The questions posed at the marketing event partly stemmed from Dell's announcement Monday that it will delay filing financial reports for its second fiscal quarter. Dell also canceled a meeting scheduled tomorrow with financial analysts.
Dell expects that the delay in filing financial results will prompt Nasdaq to initiate the process of delisting the company from the stock exchange. Michael Dell, however, said the process takes several months and he expects his company will resolve its problems before the delisting would be completed.
The U.S. Securities and Exchange Commission in August 2005 launched a probe, which the company calls an "informal investigation," into the possibility of misstatements in prior period financial reports, including issues relating to accruals, reserves, and other balance sheet items that may affect the company's previously reported financial results. The SEC's request for information has been joined by a similar request from the U.S. Attorney for the Southern District of New York, who has subpoenaed documents related to the company's financial reporting from 2002 until now. Dell says its board of directors' audit committee has launched its own investigation into the matter and that the company is also working with independent auditors to determine if any restatements of prior period financial reports will be necessary.
Michael Dell also fielded questions about Rollins' future as CEO. Dell noted that he and Rollins run the company together. "Kevin Rollins is an outstanding executive," Dell said. "If you want to blame someone, you can blame me, too."
The company, which rose to success with a brutally efficient supply chain, pricing that wrecked its competitors' margins in their attempts to keep up, and a logistical machine that made PCs and servers more customizable than ever before, has stumbled of late. Dell in August reported that second-quarter sales rose 5% to $14.1 billion, compared with the year-earlier quarter. But the results marked the company's second consecutive quarter-to-quarter decline in sales and profits. Dell blamed a year-over-year 51% quarterly profit decline to $502 million on an overly aggressive pricing strategy. The company has also been wrestling with recalls of more than 4 million defective Sony-made lithium-ion batteries that run the risk of bursting into flames when used in Dell's notebook PCs.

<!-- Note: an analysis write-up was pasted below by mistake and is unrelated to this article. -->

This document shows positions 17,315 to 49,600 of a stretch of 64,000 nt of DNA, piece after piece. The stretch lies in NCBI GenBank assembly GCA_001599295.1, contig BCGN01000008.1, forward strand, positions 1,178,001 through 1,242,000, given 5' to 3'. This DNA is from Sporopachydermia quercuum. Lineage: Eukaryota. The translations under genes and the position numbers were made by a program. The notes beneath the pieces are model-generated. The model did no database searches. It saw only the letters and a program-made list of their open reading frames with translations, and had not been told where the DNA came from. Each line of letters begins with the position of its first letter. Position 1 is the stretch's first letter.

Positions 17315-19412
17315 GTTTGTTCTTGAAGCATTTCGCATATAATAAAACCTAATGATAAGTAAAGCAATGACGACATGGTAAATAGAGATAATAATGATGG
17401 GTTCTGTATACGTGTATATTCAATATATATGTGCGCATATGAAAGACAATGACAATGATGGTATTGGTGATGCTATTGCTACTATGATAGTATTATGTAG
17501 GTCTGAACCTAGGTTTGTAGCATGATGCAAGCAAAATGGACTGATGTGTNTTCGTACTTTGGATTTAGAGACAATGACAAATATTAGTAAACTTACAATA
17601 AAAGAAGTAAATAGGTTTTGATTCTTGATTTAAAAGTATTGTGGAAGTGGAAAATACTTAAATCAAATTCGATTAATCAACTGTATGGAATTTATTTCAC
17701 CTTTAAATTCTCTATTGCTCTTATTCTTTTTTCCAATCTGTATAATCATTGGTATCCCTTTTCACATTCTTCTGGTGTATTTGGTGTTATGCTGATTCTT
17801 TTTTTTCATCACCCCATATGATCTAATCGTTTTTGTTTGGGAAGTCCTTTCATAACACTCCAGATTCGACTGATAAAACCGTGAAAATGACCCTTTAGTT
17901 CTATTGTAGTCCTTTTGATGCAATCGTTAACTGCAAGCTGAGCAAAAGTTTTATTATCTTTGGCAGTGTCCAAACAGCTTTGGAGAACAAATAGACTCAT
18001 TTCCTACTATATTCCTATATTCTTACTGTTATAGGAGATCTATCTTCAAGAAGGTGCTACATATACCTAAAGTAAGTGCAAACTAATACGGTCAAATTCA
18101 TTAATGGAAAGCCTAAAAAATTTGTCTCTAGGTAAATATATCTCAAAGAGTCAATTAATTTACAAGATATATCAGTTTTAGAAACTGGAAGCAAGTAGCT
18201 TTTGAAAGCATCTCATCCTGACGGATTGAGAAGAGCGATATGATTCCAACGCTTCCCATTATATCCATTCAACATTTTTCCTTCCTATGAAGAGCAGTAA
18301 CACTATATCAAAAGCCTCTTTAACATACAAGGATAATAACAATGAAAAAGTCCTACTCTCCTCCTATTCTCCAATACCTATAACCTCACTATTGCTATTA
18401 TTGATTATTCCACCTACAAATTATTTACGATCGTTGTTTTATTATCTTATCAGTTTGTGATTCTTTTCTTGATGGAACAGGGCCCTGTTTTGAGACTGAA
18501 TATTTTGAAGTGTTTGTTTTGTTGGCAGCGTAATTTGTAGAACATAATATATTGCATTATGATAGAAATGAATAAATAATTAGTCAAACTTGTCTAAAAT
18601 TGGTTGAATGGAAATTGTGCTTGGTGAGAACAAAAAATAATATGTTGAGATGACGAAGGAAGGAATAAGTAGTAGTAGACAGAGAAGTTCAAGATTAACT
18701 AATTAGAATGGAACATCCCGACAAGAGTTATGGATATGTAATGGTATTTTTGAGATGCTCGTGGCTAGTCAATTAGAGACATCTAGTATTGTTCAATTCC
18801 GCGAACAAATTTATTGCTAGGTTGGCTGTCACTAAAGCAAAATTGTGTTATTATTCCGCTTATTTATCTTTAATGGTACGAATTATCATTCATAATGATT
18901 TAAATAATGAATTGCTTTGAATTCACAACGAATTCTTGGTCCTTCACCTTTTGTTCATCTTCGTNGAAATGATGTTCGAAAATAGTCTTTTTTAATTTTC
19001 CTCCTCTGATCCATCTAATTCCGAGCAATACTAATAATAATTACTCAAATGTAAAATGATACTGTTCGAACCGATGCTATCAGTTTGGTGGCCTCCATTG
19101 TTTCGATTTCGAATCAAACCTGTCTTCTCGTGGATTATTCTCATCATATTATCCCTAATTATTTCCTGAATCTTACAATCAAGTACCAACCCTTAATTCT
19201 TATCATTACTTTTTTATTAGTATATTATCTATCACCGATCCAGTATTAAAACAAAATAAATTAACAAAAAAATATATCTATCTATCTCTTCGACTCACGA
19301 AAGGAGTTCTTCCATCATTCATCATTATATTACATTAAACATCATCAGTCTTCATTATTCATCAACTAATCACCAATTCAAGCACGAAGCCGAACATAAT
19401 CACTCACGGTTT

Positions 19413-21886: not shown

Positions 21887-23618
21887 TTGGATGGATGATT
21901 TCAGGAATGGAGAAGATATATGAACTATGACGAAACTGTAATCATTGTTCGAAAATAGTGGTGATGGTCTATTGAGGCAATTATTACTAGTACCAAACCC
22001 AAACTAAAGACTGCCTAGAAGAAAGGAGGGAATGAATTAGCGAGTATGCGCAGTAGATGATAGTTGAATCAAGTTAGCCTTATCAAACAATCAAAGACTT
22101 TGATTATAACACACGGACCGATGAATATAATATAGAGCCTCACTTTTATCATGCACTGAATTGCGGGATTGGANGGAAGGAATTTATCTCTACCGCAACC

With these distractions threatening to detract from its product and services announcements, Dell played its cards close to the vest on Tuesday. While company execs were bullish on its services business, they avoided discussion of specific growth objectives. "I can't imagine that they don't have a specific target," said Gartner senior analyst Ron Silliman, who added that Michael Dell managed to "give a strong endorsement of Rollins without actually saying he was going to stay."
Rollins, Michael Dell, and other company executives on Tuesday did talk about "Dell 2.0," the internal name for the company's strategy to grow product and services revenue. Dell 2.0 "signifies a very exciting time in our company where we are re-examining everything we do," Michael Dell said.
Dell's initial model, now referred to as Dell 1.0, focused on pressuring competitors through cutthroat pricing gained by manufacturing efficiencies. The Dell 2.0 model focuses on building better customer relationships through services, growing revenue by selling into emerging markets, and cutting costs through outsourcing rather than supply-chain efficiencies. Dell plans to add manufacturing plants in Brazil, India, and central Europe.
When it comes to services, "Expectations in this area have changed," Rollins said Tuesday. "We know we've not done this perfectly in the past." He pointed to Dell's investment of several hundred million dollars over the past few years to improve services and the launch of DellConnect customer service as ways it's working to meet the market's needs, adding that DellConnect has about 1 million customers. Dell's services business brings in about $5 billion in annual revenue, a little less than 10% of the company's overall revenue.
AMD processors will also play a pivotal role in the emergence of Dell 2.0. Dell announced it will by the end of the week begin shipping its first PCs running on AMD processors. The Dimension C521 and E521 PCs are available with AMD Sempron, Athlon 64, or AMD Athlon 64 X2 dual-core processor options. Other Dell PCs introduced Tuesday included the E520 and XPS 210, which ship with Intel Pentium D or Core 2 Duo processors, and the OptiPlex 745, which ships with a Core 2 Duo processor.
Dell affirmed its commitment to Blu-ray optical disc storage, saying it plans by the end of the year to begin shipping its first storage products using this technology, which promises to enable storage capacities in the neighborhood of 200 Gbytes. Dell and EMC said they've extended their storage/systems partnership for another five years in order to better serve their 34,000 joint customers and add new businesses to their client roster. EMC CEO Joseph Tucci noted that Dell and EMC's share of the storage market has grown 21% since the companies first partnered in October 2001 and added, "We will do everything in our power to gain another 21 points of share" during the new contract.
Dell finds itself in the unusual position of looking over its shoulder as competitor Hewlett-Packard gains momentum in some areas. Of course, both companies have gained more publicity in recent weeks for reasons that have very little to do with the technology they sell. HP Chairman Patricia Dunn will continue as a director, but will relinquish her role as chairman in January due to a controversial investigation into media leaks that in turn has launched a criminal investigation.
What's most important for Dell and HP customers is whether these distractions will affect the companies' ability to execute on technology development and delivery.